How Criminals Use Real Estate to Launder Money, and What Can Be Done to Stop It
By Matt Long, head of anti-money-laundering solutions, Quantexa
Real estate is particularly attractive to criminals in the same way it is to any legitimate investor. It is a common component of a measured investment and/or business strategy and is highly likely to appreciate over time.
In fact, according to a recent report by the European Parliament, the share of real estate in criminal assets confiscated, which can be used as an indicator as to how much money is laundered through real estate, was estimated at 30 percent between 2011 and 2013. It was also noted in the latest Europol report looking at organized crime trends in the European Union that most criminal groups and networks (68 percent) use money laundering methods, such as investing in property, to try to legitimize or hide their illicit proceeds.
For criminals, real estate investments provide a cover of respectability and legitimacy that involves “explainable” high-value single amounts and are frequently subject to reduced scrutiny in many global jurisdictions.
In fact, a number of techniques are used by criminals to cover the identities of both themselves and the illicit sources of funds used to purchase property — cash, shell companies, trusts. As seen in various “leak” reports, such as the Panama Papers, the use of shell companies to purchase property has been of immense value to those wishing to obscure or hide their identities.
The money laundering risk associated with property is further enhanced when the purchaser does not need lender financing and regulated financial institutions are not involved. Other parties such as settlement/closing attorneys, solicitors and/or agents, appraisers and title search and insurance companies are used, and therefore no anti-money-laundering (AML) compliance obligations are applied in certain jurisdictions.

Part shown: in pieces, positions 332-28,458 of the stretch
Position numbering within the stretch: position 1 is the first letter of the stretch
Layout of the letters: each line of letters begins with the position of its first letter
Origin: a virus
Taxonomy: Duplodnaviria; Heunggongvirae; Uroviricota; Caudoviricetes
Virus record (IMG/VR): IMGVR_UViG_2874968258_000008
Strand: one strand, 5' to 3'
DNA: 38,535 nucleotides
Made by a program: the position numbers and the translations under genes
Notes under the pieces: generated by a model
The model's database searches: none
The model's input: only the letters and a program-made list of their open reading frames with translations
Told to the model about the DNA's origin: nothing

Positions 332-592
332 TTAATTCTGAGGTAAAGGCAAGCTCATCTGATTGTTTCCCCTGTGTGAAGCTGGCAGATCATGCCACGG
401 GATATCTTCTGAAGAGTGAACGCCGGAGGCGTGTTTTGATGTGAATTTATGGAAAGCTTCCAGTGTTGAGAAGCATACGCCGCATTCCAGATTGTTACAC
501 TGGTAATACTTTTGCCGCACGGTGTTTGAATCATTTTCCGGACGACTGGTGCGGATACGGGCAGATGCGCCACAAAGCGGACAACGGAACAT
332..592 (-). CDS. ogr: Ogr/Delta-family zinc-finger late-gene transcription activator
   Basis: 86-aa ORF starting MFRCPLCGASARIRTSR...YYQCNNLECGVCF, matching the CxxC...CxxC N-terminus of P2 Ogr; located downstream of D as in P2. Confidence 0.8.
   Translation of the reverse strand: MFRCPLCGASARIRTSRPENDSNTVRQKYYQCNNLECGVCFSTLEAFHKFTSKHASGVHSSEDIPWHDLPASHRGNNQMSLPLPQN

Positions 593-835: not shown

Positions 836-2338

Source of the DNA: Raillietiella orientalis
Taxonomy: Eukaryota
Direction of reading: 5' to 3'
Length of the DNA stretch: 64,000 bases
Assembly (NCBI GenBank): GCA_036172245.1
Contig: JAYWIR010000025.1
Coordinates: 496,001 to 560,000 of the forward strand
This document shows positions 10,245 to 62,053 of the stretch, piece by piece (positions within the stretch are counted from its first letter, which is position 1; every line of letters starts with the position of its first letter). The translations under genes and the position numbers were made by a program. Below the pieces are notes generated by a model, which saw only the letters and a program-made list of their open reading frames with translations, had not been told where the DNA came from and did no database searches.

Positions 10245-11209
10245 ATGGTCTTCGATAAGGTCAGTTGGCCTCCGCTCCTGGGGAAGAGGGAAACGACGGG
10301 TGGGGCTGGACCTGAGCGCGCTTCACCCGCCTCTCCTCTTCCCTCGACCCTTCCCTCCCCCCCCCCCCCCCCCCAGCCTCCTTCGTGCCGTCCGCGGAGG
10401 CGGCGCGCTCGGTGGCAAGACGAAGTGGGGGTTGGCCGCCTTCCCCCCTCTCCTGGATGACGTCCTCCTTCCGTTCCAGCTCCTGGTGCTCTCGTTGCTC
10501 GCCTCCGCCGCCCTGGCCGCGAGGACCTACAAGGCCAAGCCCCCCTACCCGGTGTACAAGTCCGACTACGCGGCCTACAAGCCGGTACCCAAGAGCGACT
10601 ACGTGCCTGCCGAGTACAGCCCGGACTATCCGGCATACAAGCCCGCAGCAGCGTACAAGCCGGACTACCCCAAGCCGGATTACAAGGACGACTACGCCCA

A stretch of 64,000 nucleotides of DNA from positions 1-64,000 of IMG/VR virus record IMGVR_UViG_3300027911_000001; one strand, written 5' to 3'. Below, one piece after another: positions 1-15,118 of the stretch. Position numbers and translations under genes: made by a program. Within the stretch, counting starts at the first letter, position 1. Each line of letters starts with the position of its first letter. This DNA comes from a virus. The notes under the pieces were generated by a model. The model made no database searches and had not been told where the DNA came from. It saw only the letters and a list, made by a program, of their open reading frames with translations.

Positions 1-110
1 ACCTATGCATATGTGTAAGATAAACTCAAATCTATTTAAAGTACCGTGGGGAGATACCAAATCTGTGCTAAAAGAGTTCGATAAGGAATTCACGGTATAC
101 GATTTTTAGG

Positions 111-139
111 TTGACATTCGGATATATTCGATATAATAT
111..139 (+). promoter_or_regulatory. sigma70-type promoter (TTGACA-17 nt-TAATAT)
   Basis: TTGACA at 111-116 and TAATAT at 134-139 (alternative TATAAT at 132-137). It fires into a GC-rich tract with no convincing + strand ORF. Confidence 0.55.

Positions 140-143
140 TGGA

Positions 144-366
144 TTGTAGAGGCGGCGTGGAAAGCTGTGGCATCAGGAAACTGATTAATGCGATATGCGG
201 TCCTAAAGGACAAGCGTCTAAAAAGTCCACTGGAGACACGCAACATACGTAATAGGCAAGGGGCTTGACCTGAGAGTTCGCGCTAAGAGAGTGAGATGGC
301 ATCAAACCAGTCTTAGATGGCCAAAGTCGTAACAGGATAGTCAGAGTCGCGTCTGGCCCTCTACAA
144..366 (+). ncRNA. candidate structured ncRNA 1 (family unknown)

Similarly, when property is sold, the “legitimate” proceeds of crime or corruption can be further integrated into the financial system and distanced from their original illicit source through similar opaque structures, such as trusts and shell companies. Proceeds may also be reinvested in other properties, luxury goods and securities and eventually cashed out as clean funds.
Money laundering through real estate has many high-profile case studies. For example, in a recent announcement from the U.S. Department of Justice, a suspect indicted for money laundering was alleged to have “routed the proceeds of (millions of fraudulent) schemes through at least six pieces of real estate on the island of Hawaii.”
Having recognized the ongoing global risk of real estate money laundering and associated anonymity, countries are attempting to force the capture and disclosure of ultimate beneficial ownership through the likes of the Corporate Transparency Act in the United States and the Money Laundering Directives in Europe.
However, even though both of these initiatives are widely recognized and endorsed as being key tools in the fight against economic crime, including the usage of real estate purchased through companies, the registries themselves are not without challenge.
Mitigating Risk, Detection Suspicious Activity
In order to apply a risk-based approach to detecting and reporting suspicious activity, a number of questions need to be asked by the institution before the real estate transaction, activity or customer relationship can be considered suspicious and regulatory reporting obligations can be activated.
For example, when determining the customer’s risk, the ability to confidently identify the “real” purchaser and the involvement of third parties or a corporation to intentionally hide or mask the beneficial owner’s identity, without a legitimate business rationale, is critical.
The institution should also consider not only identifying and assessing the risk associated with the buyer, but the collective or aggregated money laundering risks associated with the entire purchasing network, including the seller and anyone else involved in the transaction.